agency,conversion rate optimization,user experience

CRO Glossary

  • Belle
  • ON
  • January 29, 2019

Ever feel like the digital marketing world is full of jargon? We created this glossary so you have the most popular conversion rate optimization terms in one place. No BS. Just straightforward definitions. Hope it’s helpful!

A vintage style photo of a stack of books, a cup of coffee, and a vase with flowers.

AB Testing: a method of website testing that compares two variations of a webpage, “A” and “B” to see which converts better. “A” is the control while “B” contains copy or design changes. Performance is measured using Key Performance Indicators, KPIs.  

ABn Testing: a subcategory of AB testing which compares three or more variations of a webpage, “A” “B” and “n” additional variations to measure which performs best. “A” is the control while the other variations contain copy or design changes. The more variations, the longer the test will take.

Above the fold: the top of a web page visible to users without scrolling. The fold cutoff is different for desktop, tablet and mobile devices. The term “above the fold” is adapted from print marketing, where “above the fold” refers to the top half of the front page of a newspaper, visible from a newsstand.

Banner: a prominent graphic display that stretches across a website. Banners are typically rectangular and are usually displayed across the top of a page. Banners can also appear on the sides or bottom.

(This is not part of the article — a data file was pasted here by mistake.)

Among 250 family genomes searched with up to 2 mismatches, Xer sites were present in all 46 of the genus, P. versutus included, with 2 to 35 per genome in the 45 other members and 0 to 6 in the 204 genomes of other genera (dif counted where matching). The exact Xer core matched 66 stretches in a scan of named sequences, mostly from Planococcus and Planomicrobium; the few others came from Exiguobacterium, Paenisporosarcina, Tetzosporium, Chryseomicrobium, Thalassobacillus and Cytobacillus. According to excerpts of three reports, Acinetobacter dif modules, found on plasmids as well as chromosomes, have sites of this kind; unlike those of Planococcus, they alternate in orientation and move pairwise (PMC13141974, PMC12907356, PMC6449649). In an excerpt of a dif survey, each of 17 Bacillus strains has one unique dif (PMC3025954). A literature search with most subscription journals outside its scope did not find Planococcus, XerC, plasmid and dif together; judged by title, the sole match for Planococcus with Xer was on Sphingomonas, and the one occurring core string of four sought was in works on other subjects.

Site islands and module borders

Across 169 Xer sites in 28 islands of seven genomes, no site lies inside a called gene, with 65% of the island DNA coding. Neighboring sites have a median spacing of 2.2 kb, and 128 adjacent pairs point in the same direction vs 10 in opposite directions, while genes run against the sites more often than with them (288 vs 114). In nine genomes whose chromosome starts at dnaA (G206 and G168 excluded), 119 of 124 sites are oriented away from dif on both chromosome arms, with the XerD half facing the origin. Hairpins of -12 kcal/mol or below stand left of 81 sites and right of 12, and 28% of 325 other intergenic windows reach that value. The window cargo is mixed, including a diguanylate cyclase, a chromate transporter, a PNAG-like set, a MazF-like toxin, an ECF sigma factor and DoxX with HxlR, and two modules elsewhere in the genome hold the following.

Banner blindness: a situation that often occurs as users learn to ignore information presented in the form of banners. Banner blindness causes users to skim over banners or mentally block them out.

Baseline: the data/metrics used as a starting point when comparing a webpage to a variation. Baseline data usually includes a mix of KPI’s (key performance indicators), TPI’s (tactical performance indicators) and LPI’s (leading performance indicators).

Bounce: to leave a website after visiting only the landing page.

Bounce rate: the percentage of visitors who leave a website after visiting only the landing page.

Buyer persona: a characterization of a typical or ideal customer based on qualitative and quantitative market research. While some characterizations may be imagined, buyer personas are based on real data and customer insights. They are used to help marketers create more relatable content and a better user experience.

Call to action (CTA): an “ask” that aims to induce a user to take a specific action that moves them closer toward conversion. Examples include:

  • “Buy Now”
  • “Click Here”
  • “Sign up today and receive 20% off”

Cart abandonment: a drop off that occurs when a user adds a product to their online cart but navigates away from the site before completing the purchase.

Churn rate: the percentage of users who don’t renew a subscription. Churn rate is often used as a KPI for ecommerce sites that are subscription-based and even B2B services like SaaS.

Click map: a visual map of a website that shows of how users interact with a given page. Click maps show which buttons, text and other elements users click on.